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The Pledge of Allegiance

Francis Bellamy wrote the original Pledge of Allegiance. It was first published in The Youth's Companion to coincide with the dedication of the World's Columbian Exposition in Chicago on October 21, 1892, as a way to instill American nationalism through flag ceremonies. The pledge was quickly adopted across the country.

Ribbon from the Columbian Exposition opening ceremony

Transfer from Library of Congress

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Photograph by Jacob Riis of students in Mott Street Industrial School saluting the flag, New York City, around 1892

Photograph by Jacob Riis of students in Mott Street Industrial School saluting the flag, New York City, around 1892

The Great Historical Clock of America: A Mechanical Patriotic Lesson

"A great triumph of modern mechanical art and science"

Sunday Herald, Boston, October 7, 1894

The Great Historical Clock of America

A curious and short-lived phenomenon of the late 19th century was the creation of monumental clocks. The Clock of America was made by C. Chase of Boston, about whom little is known. Elaborate in design and featuring an array of mechanical devices, this spectacular clock was made to animate American history. Bridging the distinctions of entertainment and education, the exuberant folk motifs include the arrival of Columbus, a procession of U.S. presidents from George Washington through Benjamin Harrison, and other patriotic images. Like many monumental clocks, it features astronomical symbols, the zodiac, the phases of the moon, and seven deities of ancient mythology representing the days of the week.

 

 

Video of The Great Historical Clock of America

Watch this short video to see the clock and its mechanical devices in motion.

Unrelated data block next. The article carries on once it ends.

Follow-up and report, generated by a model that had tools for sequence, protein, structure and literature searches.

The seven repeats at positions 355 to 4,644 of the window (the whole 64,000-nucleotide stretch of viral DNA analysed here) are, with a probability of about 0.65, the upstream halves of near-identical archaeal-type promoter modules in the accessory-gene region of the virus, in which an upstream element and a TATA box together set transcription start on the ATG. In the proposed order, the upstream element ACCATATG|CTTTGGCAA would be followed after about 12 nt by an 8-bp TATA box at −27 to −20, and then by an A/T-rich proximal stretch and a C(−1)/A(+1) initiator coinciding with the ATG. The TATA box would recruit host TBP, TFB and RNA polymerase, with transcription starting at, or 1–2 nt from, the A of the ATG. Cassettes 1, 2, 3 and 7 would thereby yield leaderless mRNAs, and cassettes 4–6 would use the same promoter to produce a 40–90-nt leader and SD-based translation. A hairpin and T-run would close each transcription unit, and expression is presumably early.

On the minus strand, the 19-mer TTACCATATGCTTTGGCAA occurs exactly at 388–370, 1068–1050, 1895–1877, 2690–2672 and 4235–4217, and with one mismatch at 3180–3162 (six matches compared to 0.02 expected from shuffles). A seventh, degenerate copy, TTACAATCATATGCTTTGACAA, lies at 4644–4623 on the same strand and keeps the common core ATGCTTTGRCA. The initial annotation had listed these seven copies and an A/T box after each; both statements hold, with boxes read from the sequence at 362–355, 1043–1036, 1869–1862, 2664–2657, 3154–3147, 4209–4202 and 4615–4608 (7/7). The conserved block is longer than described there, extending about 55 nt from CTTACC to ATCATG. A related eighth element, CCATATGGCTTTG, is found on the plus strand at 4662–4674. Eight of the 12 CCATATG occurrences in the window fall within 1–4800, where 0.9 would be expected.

A New National Holiday

Dr. Martin Luther King Jr.’s assassination in Memphis, Tennessee, on April 4, 1968, transformed the civil rights leader into an icon of the struggle to fulfill the American promise of equality for all. This panel is from the 1968 Poor People’s Campaign, a demonstration in Washington, D.C., which King helped to organize but did not live to see.

Panel, 1968

Panel, 1968

King holiday buttons

King holiday buttons

Gifts of Vicki Thorn and Timothy D. W. Connelly

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On April 8, 1968, four days after Dr. Martin Luther King Jr. was assassinated, Congressman John Conyers introduced a bill to establish a federal holiday in his honor. For advocates of the legislation it was an effort to place Dr. King and the civil rights movement into the national narrative. It took years of organizing to overcome strong resistance. In 1983 the King Holiday bill was signed into law. Initially only twenty-seven states officially acknowledged the holiday. Not until 2000 did all fifty states recognize the day.

Teaching American History

Since the 1990s there have been many attempts to establish national standards for teaching American history. These efforts have sparked contentious debates over how much schools should focus on teaching patriotic values and the history of the nation through the Founding Fathers and aspirational figures, or teaching historical understanding and the stories of less famous and diverse people and groups. Schools throughout the nation have struggled to find the right balance appropriate for their communities.

Student Demonstration

Student Demonstration

Colorado students protesting a proposal by the Jefferson County School Board to emphasize patriotism and downplay civil unrest in school curriculum, October 2, 2014

Courtesy of Jason Bahr/Getty Images